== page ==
2 pages in all, folio (35 x 27cm), 24-stave paper (B & H. Nr 14.A), on a bifolium with an attestation by Franz Christ on the first page ("Original Handschrift von Anton Bruckner, Aus dem Besitz des Herrn Viktor Christ welcher für Bruckner dessen Symphonie in's Reine übertrug und für den Druck vorbereitete"), ownership stamp of Viktor Christ, [Vienna, summer 1888], minor splitting at fold, dust-marking to margins
Bruckner's manuscript contains radical revisions to the last movement of his "Wagner" Symphony (1873). There has long been controversy surrounding the various versions of Bruckner's major works, many cuts and changes being urged on him by his pupils. For this revision of the finale of the Third Symphony, Bruckner used a version actually prepared for him by Franz Schalk, but he rejected passages recomposed by Schalk early on in the process and wrote all the music himself. The present manuscript is therefore entirely in the hand of the composer. It is written in Bruckner's fully mature style, contemporary with his composition of the Ninth Symphony and first revisions of the Eighth.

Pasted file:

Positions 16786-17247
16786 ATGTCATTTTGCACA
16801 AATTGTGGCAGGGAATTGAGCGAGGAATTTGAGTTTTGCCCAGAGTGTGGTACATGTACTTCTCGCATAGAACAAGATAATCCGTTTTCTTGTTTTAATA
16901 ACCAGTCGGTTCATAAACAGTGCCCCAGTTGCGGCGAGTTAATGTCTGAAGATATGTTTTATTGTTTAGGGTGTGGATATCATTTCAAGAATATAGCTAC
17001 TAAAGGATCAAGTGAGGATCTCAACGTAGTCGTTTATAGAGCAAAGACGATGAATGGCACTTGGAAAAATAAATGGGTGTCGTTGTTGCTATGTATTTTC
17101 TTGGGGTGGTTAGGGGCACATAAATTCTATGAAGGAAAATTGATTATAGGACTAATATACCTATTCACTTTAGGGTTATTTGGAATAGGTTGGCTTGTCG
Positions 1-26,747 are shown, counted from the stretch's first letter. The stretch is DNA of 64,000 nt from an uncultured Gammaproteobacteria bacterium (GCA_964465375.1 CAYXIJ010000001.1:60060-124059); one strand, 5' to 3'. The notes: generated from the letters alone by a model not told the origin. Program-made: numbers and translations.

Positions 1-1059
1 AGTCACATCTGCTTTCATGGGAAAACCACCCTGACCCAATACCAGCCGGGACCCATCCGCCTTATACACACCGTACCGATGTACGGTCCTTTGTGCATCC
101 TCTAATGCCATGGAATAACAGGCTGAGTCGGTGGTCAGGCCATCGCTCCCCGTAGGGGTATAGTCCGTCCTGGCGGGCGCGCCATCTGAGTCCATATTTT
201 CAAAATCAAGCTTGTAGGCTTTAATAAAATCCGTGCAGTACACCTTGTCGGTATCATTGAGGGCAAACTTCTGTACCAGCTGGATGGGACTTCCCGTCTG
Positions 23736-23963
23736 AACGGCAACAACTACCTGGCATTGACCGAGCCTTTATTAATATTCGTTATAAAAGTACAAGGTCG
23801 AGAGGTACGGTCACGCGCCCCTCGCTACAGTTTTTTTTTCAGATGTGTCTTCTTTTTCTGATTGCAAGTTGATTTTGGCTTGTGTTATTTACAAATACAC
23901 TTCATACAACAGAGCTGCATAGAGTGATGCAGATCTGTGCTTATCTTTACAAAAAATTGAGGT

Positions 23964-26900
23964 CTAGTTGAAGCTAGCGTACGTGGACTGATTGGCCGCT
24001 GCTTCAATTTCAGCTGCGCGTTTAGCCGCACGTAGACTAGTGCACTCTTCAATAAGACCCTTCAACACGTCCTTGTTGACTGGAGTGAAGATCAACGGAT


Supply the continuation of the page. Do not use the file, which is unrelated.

The sketches are for the climax of the last movement, the culmination of Bruckner's long-range tonal planning--specifically the trombone calls and accompanying strings at the final return of the principal theme in the third group. They begin at bar 407 (letter X), 1889 edition) and contain drafts of bars 407-416 (systems 1 & 2), bars 417-432 (systems 5, 6 & 7), together with other working preliminary drafts deleted by the composer. The manuscript has been heavily reworked by the composer with many deletions, so that he has had to resort to identifying the notes with letter-names. These sketches relate to drafts of the last movement (bars 393-425 etc) in the Biblioteka Jagiellonska in Krákow, which are on identical 24-stave paper. (These passages are revisions of those found at bars 193ff. of the 1877 version: cf. the Eulenburg miniature score by W. Altmann).
The manuscript is from the collection of Bruckner's pupil Viktor Christ, who acted as a copyist on the Eighth Symphony and, according to Franz Christ's annotation on the first page, also prepared the fair copy for the publication of this symphony by Josef Eberle in 1889.
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